2. Chi Spacca. You can get meat in London, but it's really not like this. Go and split the bistecca, the foccacia de reccio, charcuterie, and a salad.

                    3. AOC or Gjelina. These are both quintessential LA experiences. Neither is the best food you've ever had, but they're beautiful places to eat, with beautiful people, and the food is quite good at both. As an out-of-towner, I'd say go Gjelina.

                    4. Mexican Taco Tour. Ok, this is the most adventurous thing I'd suggest for someone traveling from overseas who isn't interested in plumbing holes in the wall. In coming to LA from Europe of all places, you want to experience the Mexican food. My suggestion is to make a morning of it and do it in one fell swoop. Start at Ricky's Fish Tacos at 11 a.m. and get 1 baja fish taco. Drive to Guisado's on Sunset, have 1 cochinita pibil taco (don't get higher than a 3 on the spicy scale or it will probably ruin your day), drive to Mariscos Jalisco and have 1 or 2 tacos dorados (shrimp tacos), and perhaps a poseidon ceviche.

                    5. For Peruvian, I think you'd like PICCA. Tasty food, definitely a buzzy atmosphere.

                    6. For Korean, I would recommend Soban. Make sure to get the spicy short ribs and the raw soy sauce crab. This is pricy for Korean, but the cooking is excellent. Also, while you may have some korean BBQ places in London, I'm pretty confident you have nothing like this.

                    4 Replies
                    1. re: Haeldaur

                      Thanks, all, for the feedback - I really appreciate it, especially the steer that I was going a bit one-note. Some of the suggestions you've all made sound terrific, and I will definitely explore them further. I'm looking forward to my trip to LA (the first for about 30 years!) even more now...

                      1. re: NatashaH

                        Well Natasha, we're excited that you will be visiting our city and look forward to hearing your reviews during your trip or after you get home.

                      2. re: Haeldaur

                        Great post. I second big time adding Night + Market.

                        Also agree with adding Korean food somewhere.

                        Also agree with Gjelina over AOC even though AOC will be temptingly close.

                        Also consider adding Shunji or Mori for a sushi experience and Tsujita (original branch during lunch) for their tsukemen. Make sure you get it with their egg.

                      3. Your list is pretty great. Ink is exceptional, Red Medicine's desserts are mind blowing you could even stop by just for dessert, Animal is a great choice as well.

                        To get the LA experience, you should definitely get Tacos and Korean BBQ in there. If you like Buzz, Roy Choi (Legit famous, he's on Top Chef as a mentor/judge, was in the end credits of the film Chef) has a new Korean/modern gourmet interpretation place called POT in Koreatown. The lobby bar is also a big scene there. To go more traditional, Park's or Soot Bull Jeep or I have bookmarked from Eater LA Kang Hodong Baekjeong.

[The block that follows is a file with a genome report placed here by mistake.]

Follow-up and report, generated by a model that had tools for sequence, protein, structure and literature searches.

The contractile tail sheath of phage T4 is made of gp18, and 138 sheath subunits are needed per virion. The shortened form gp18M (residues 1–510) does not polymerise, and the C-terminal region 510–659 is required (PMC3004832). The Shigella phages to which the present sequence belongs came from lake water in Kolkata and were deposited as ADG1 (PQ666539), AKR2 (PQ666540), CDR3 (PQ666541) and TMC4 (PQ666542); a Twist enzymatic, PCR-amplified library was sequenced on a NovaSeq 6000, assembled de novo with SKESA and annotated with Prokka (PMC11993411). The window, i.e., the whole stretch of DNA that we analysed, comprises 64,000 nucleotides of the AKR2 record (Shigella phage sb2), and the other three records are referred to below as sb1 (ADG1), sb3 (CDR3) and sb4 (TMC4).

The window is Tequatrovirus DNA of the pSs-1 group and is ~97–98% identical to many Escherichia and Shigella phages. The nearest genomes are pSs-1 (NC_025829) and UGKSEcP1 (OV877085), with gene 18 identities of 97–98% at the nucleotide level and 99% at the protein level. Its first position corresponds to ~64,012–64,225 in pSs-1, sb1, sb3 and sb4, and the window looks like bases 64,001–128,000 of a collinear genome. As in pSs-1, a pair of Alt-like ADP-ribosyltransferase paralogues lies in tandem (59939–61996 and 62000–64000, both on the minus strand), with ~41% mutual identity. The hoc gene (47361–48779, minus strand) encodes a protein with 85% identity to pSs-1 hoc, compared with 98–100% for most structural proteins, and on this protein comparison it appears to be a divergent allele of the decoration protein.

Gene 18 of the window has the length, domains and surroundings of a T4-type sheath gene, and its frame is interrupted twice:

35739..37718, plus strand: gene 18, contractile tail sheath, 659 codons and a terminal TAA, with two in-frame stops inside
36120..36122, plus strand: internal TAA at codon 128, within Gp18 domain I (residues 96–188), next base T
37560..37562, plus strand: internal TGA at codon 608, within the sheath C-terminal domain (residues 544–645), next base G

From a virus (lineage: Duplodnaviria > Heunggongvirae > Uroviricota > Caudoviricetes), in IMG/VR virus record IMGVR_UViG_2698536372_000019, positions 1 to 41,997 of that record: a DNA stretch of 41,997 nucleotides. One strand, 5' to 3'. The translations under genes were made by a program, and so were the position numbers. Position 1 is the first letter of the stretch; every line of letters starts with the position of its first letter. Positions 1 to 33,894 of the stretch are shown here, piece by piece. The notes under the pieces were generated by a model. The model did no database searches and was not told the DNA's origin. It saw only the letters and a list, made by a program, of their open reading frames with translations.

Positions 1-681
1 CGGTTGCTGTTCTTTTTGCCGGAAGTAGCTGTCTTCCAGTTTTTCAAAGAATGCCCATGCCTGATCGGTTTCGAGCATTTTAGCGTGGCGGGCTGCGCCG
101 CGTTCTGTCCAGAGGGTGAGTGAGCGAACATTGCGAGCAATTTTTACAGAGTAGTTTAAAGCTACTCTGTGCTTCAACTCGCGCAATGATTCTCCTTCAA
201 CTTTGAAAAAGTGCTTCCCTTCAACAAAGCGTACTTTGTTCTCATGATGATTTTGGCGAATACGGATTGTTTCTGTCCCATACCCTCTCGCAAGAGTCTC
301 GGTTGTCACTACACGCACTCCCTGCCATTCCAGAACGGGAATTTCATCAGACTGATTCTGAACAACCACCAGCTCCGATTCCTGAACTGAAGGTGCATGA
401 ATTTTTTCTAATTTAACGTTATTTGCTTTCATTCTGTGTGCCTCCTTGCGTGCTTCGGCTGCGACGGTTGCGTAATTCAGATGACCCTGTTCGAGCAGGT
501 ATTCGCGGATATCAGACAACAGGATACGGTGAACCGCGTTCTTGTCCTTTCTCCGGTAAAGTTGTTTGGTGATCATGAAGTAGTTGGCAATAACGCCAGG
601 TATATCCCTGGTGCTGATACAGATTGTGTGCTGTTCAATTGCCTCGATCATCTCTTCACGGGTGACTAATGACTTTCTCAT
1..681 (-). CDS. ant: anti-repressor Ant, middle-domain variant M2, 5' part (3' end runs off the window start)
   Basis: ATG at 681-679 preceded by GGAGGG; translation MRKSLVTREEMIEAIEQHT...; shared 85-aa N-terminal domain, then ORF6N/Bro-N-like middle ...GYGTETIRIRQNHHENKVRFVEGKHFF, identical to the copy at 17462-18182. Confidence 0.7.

I think Tar and Roses is superior to AOC or Luqcues, if you want another california/small plates option.

                        I'm also obsessed with the burger at Plan Check and pretty sure you are not going to eat a burger that delicious in London.

                        Where are you getting your mexican before LA? Becuase LA has much better Mexican food than most american cities. And tacos are such a part of LA culture! You could also have great fun visiting a place like Central Market downtown which is a foodie market/food court scene.

                        Dumplings perhaps at Din Tai Fung?

                        1. Hey you want some Pastrami for lunch? Langer's
                          Or how about some Fish Tacos? Ricky's Fish Tacos

                          10 Replies
                          1. re: wienermobile

                            2 ubiquitous recs that should be on every visitor's list.

                            1. re: wienermobile

                              Langer's is a great call, and definitely something I never tried anything close to when I lived in London. That being said, fair warning to OP, it is in a real shitty area.

                                1. re: Haeldaur

                                  in the grand scheme of things, that exact corner isn't that shitty.

                                    1. re: jessejames

                                      i miss pinatas.

                                      fake ids won't help me now….



                                      i wonder if they sell fake badges ??????? those could seriously come in handy…. just joking'.

                                    2. re: ns1

                                      Very true. And even if, got to try it once if you are an adventurous eater.

                                    3. re: Haeldaur

                                      I have been going to Langer's for over 40 years and I have never been murdered yet. They close at 4pm and are closed sundays.

                                      1. re: Haeldaur

                                        Not real shitty in terms of your safety. Shitty in terms of the ambiance - it ain't Beverly Hills. Its in a working class Mexican immigrant area. It's fine during the day.

                                      2. re: wienermobile

                                        I'd love a comparison between Langer's pastrami and some London salt beef!